Daniel 12:2 talks about this. "And many of those who sleep in the dust of the ground will awake, some to everlasting life, but the others to disgrace and everlasting contempt". The Book of Revelation 20:13-15, talk about those who will be raised from the dead to face God's eternal judgment. Listen to John's words. "And the sea gave up the dead which were in it, and death and hades gave up the dead which were in them: and they were judged, every one of them according to their deeds. And death and hades were thrown into the lake of fire. This is the second death, the lake of fire. And if anyone's name was not found written in the book of life, he was thrown into the lake of fire".
What is the book of life? It is the book that records every person who has ever trusted in Jesus as his Savior. When you trust Christ is your Savior, you can be sure your name is found in that book of life. You have received God's forgiveness of your sins. But if anybody's name is not found written in that book at this judgment, he is cast into the lake of fire, that is hell. But before that he's judged by God. And notice how that unbeliever is judged. Verse 13 says, according to his deeds, according to his work. But listen to me carefully, an unbeliever, a non-Christian is somebody who has simply said to God, God, I'm good enough to get into heaven on my own. I don't need a Savior. I don't need Jesus' forgiveness. Although I'm not perfect, I'm good, and I'm good enough. And you need to let me into heaven.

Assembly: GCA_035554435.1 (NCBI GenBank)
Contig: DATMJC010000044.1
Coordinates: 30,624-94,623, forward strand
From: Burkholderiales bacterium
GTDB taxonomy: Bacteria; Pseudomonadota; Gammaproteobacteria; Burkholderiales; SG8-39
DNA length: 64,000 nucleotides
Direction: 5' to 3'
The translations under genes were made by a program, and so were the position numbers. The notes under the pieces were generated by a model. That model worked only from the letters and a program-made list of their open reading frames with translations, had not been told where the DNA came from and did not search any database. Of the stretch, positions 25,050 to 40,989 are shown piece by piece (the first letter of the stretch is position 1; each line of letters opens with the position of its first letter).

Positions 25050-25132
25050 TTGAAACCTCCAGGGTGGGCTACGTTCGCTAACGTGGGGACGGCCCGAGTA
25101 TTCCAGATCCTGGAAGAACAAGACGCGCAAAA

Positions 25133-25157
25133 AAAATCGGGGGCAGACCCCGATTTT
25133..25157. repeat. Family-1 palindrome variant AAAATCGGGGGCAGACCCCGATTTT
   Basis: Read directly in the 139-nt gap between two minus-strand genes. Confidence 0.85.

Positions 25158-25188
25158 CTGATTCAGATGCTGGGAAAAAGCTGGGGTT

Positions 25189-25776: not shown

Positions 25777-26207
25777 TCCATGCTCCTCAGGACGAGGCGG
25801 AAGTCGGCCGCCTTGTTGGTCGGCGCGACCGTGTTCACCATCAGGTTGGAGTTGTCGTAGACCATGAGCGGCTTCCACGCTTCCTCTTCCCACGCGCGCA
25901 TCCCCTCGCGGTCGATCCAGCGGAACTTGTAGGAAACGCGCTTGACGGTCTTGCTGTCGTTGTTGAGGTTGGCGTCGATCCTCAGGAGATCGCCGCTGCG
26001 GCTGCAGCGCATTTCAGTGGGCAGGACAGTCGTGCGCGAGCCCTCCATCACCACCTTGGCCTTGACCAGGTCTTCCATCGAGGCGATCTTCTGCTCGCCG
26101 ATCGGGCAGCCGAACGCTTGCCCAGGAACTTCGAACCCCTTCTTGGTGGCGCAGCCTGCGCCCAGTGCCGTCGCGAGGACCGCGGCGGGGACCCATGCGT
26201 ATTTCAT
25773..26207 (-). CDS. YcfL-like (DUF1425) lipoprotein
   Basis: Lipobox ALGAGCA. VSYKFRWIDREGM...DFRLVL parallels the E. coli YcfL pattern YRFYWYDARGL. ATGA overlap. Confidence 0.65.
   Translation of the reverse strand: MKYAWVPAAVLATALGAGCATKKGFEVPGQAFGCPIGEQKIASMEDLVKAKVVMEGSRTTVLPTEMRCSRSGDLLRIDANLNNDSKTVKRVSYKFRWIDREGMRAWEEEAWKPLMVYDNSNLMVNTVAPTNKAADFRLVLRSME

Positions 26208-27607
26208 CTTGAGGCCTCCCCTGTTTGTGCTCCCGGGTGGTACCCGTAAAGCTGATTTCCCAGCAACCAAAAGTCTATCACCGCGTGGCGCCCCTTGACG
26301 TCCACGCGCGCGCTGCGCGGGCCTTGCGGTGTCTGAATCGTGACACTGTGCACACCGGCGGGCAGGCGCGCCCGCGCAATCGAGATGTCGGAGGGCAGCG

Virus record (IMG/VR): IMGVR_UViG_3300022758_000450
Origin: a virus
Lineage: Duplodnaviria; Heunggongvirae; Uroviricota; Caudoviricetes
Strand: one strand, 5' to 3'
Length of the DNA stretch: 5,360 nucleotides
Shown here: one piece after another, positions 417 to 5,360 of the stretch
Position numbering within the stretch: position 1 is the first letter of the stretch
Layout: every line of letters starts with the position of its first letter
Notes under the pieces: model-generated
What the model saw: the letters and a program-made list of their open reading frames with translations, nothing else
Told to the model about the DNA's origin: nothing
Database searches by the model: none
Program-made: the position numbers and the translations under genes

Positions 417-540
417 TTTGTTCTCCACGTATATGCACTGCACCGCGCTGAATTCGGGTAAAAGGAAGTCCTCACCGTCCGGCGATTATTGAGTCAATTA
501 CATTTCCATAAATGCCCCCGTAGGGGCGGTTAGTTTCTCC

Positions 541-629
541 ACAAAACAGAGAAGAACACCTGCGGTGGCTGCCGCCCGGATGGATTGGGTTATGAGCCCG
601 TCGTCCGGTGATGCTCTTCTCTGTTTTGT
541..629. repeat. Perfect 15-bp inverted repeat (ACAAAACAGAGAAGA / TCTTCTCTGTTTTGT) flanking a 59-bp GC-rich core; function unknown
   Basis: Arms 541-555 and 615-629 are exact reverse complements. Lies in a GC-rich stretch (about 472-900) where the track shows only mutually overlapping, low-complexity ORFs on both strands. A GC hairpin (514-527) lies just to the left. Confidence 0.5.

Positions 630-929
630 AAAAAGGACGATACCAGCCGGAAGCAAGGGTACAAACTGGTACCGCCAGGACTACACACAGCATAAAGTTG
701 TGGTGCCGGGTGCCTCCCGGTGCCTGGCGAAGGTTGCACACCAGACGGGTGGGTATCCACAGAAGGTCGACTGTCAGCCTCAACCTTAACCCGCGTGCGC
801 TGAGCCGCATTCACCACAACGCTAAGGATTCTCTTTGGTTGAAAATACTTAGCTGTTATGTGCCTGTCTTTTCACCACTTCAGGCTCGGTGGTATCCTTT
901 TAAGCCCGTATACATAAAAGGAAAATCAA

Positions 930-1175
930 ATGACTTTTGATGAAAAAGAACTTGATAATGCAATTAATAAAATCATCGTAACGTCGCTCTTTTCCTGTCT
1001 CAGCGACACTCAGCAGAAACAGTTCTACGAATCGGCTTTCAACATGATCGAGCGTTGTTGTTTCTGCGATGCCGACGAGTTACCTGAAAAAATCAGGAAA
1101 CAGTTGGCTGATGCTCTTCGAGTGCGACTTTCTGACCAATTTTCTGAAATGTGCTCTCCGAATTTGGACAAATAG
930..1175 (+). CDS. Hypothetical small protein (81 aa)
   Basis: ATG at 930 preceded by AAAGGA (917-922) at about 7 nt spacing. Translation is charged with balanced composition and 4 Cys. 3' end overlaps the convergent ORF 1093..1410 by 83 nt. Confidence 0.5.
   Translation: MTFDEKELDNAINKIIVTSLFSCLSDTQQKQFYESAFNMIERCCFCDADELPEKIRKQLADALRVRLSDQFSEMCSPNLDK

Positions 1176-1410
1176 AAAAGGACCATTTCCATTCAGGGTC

Most people in the world think today, that because of their good works or they were baptized or they joined a church, that they're good enough to get into heaven. They don't need God's grace. And so at the final judgment, God will raise all of these unbelievers who rejected Jesus Christ. And he will say, okay, you want to be judged by your works, let's get at the books and we're going to look at your works. But what the unbeliever doesn't understand is this, God doesn't grade on the curve. God doesn't say, okay, 70%, that's good enough to get in. Or you're better than Adolf Hitler and Osama Bin Laden and all these other drug dealers and child molesters. You're pretty good. We'll let you into heaven. No, the standard by which every person will be judged, is the perfect righteousness of Jesus Christ. God demands 100% perfection to enter into heaven. Who qualifies for that? None of us.